I receive Forrester Research Alerts and enjoy reviewing them, especially when they are focused on enterprise software. Earlier this month, VentureBeat released information on Web 2.0 investments. While IT Consumer Services was highlighted, the IT Business Services section was interesting as well – investments in IT Business Services have grown 100% each year since 2003 with 2006 looking to surpass that growth number.
This morning I was reading through Forrester’s State of SMB Software and Services 2006: North America. The first line of the alert states:
Software spending among North American small and medium-size businesses (SMBs) will be robust in 2007…
The numbers in the VentureBeat Web 2.0 investment blog sees a strong finish for 2006 for IT Business Services and the Forrester report indicates a continuing positive trend in 2007 for SMB Software and Services in NA. Without drawing direct parallels, it’s great to see the SMB S&S market growing at the same time IT Business Services is doing the same.
With the Web 2.0 Summit happening around the corner, information has been spilling from the workshops and speeches. Mike is over there now – I’m sure we’ll get some great takes from his blog (as he has already).
One of the blogs I picked out today was VentureBeat‘s story on the increased investment in Web 2.0 companies. Not that anyone is calling this Boom 2.0 yet, but those numbers are quite hefty. It’s interesting to see the most active investors list. It would be neat to rank them by the % of deals done in the Web 2.0 space.
I hit the Knowledge Management conference in San Jose last week, mainly to meet up with Martin Cleaver at Helix Commerce but also to see how wikis were being used within the KM community.
Wednesday’s keynote was given by Dave Snowden and Cindy Gordon – both gave excellent speeches. From there I hit the exhibitor booths where I chatted a bit with Jordan Frank at Traction Software. From there I headed over to the MindTouch booth where I talked with Aaron Fulkerson mainly about the recent JotSpot acquisition news. Aaron also ran a short presentation on Wiki Bsics for Collaboration, which was quite interesting (especially the Q&A).
I missed Martin’s presentation on Wikis & Blogs: New KM Tools, but he did come up to our offices on Thursday and gave us a quick run down of his presentation (which made me even more sorry I missed it!).
My overall impression was that the conference was well attended, and it had the right audience for wikis, blogs, and other new knowledge management tools. It was great to sit down with a few folks and talk about their collaboration strategies, both for internal and external purposes.
I’ve been looking into comparing / contrasting Confluence and MSFT’s SharePoint 2007 system. For now, I’ve been tracking the progress on the SP front by reading RSS feeds, watching videos, and reading through the MSFT web site.
My initial thinking: I’m not all that impressed. Maybe that’s what I get for working with a company with such a quick development cycle. 🙂
I worked pretty closely with SP 2003 and was excited with everything that could happen. Unfortunately, there’s been little actual progress from a development standpoint. After running through this video, I couldn’t even tell if there was a single dashboard (surely there must be!).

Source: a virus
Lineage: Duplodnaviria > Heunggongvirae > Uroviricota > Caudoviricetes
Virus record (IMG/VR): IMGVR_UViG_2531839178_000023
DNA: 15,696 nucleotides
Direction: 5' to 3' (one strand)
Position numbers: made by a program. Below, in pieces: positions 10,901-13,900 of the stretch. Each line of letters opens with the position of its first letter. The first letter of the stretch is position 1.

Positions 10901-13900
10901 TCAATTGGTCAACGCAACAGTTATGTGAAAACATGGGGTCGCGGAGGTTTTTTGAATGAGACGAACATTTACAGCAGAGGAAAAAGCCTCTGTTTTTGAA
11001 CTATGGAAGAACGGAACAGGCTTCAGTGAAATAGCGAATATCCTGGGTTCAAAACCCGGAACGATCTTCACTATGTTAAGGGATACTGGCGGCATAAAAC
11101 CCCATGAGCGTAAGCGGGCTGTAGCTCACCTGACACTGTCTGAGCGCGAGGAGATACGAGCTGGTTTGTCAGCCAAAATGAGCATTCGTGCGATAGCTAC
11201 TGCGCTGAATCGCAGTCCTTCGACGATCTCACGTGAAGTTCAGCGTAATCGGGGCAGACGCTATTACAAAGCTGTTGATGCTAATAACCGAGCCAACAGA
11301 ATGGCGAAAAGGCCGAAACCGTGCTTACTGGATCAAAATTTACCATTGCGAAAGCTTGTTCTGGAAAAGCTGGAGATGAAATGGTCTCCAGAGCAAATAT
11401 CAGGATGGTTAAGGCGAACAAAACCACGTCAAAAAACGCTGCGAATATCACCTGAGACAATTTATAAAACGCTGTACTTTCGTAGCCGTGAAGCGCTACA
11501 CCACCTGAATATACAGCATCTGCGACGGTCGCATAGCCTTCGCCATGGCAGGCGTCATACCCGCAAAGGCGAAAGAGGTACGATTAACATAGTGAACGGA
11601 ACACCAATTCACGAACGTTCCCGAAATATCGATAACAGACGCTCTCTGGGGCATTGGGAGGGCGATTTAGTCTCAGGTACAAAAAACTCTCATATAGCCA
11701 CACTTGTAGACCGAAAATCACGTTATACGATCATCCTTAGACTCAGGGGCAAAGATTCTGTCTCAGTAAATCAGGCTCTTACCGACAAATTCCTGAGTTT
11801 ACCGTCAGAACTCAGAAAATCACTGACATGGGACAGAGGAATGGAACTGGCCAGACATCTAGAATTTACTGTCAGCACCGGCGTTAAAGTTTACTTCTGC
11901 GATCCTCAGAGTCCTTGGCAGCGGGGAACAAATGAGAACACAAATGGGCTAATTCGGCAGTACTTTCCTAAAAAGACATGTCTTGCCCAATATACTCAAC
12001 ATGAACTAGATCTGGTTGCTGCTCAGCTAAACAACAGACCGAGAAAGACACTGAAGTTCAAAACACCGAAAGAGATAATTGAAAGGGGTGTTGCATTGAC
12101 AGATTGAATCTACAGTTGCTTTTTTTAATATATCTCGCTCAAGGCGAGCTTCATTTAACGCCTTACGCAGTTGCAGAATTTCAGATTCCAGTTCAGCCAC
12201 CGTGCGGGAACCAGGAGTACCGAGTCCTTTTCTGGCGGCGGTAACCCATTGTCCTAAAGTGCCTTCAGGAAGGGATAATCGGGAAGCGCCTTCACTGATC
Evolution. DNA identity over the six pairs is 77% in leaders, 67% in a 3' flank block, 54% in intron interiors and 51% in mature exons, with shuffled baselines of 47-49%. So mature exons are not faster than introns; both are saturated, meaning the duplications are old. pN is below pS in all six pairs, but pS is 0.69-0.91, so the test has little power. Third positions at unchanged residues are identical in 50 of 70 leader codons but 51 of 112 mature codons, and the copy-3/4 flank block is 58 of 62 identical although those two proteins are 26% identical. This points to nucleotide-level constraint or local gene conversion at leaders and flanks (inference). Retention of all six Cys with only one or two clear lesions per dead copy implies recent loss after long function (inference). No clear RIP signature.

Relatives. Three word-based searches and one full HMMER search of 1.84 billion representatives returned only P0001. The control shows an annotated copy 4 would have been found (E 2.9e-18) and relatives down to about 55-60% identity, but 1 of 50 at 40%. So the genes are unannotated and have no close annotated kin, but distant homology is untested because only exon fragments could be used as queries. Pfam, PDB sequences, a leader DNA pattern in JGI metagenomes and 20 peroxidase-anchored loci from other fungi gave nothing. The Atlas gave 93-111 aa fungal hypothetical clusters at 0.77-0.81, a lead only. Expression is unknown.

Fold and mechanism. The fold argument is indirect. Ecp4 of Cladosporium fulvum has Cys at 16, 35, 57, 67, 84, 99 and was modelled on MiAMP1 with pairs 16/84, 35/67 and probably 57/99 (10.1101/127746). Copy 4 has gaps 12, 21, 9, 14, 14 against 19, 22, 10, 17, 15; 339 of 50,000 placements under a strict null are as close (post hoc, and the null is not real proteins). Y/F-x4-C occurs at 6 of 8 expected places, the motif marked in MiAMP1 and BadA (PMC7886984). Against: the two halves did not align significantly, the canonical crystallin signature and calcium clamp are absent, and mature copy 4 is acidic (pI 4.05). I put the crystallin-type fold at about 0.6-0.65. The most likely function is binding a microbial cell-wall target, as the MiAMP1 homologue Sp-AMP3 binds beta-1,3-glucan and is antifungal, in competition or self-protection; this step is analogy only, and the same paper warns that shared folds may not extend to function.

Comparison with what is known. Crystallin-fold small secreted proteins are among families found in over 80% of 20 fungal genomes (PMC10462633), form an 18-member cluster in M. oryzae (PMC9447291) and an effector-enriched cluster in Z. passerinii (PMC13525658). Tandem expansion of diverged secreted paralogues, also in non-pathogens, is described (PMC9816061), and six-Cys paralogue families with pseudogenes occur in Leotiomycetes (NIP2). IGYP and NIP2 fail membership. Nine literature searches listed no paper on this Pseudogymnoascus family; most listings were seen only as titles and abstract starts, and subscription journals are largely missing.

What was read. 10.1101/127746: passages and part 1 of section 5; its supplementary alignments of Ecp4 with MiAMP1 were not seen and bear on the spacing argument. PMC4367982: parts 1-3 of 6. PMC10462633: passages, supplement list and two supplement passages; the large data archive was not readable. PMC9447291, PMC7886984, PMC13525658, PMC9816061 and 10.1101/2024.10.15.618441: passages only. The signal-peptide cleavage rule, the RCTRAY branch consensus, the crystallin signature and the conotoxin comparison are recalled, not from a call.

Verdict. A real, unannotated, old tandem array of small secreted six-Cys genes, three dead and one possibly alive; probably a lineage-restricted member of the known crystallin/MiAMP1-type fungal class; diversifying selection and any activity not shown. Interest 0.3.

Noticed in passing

Oh, and you can download evaluation of SharePoint Services, Version 3 Beta 2 now on Longhorn Server Beta 2 and view it through the Windows Vista client Beta 2. Or, you could download an evaluation copy of Confluence right now, on whatever platform you are running on.
I recently switched from a Dell laptop to a Mac PowerBook. It’s been just a few days, but it’s been a rather pleasant switch so far. Granted, I didn’t have years of data/apps to move from the Dell to the Mac, making the move quite a bit smoother.
I have a few gripes, mainly built around keyboard shortcuts, or the lack thereof. The biggest being the inability to move from a browser window to a browser address field (ALT + D on the PC).
If you have tips or suggestions for a PC to Mac convert, do let me know.
They didn’t do so well this year, with plenty of reasons. However, terrible news from the Chronicle this morning that that will certainly affect the team’s ability to win games next year and beyond: Stan Conte has left the team.
Stan Conte was the head trainer of the Giants for quite some time and certainly earned his living. Maybe this is part of Sabean’s push to get a younger team on the field?
In this weekend’s Saturday Interview in the New York Times, Steve Ballmer talks about the future of Microsoft and life without Bill Gates. One interesting point that Ballmer addresses is the importance of a community:
Q. What do you see as the most significant changes in how people use software?
A. I think one pervasive change is the increasing importance of community. That will come in different forms, with different age groups of people and it will change as the technology evolves.
An interesting answer, as earlier he talks about reducing development cycle times, which I imagine he realizes is needed to keep up with the light software aspect that “2.0” embodies. Are we to expect Microsoft to actually live up to this?
A community moves forward and backward as they see fit, not as dictated by one member of the community. It’ll be interesting to see if and how Ballmer puts this into place.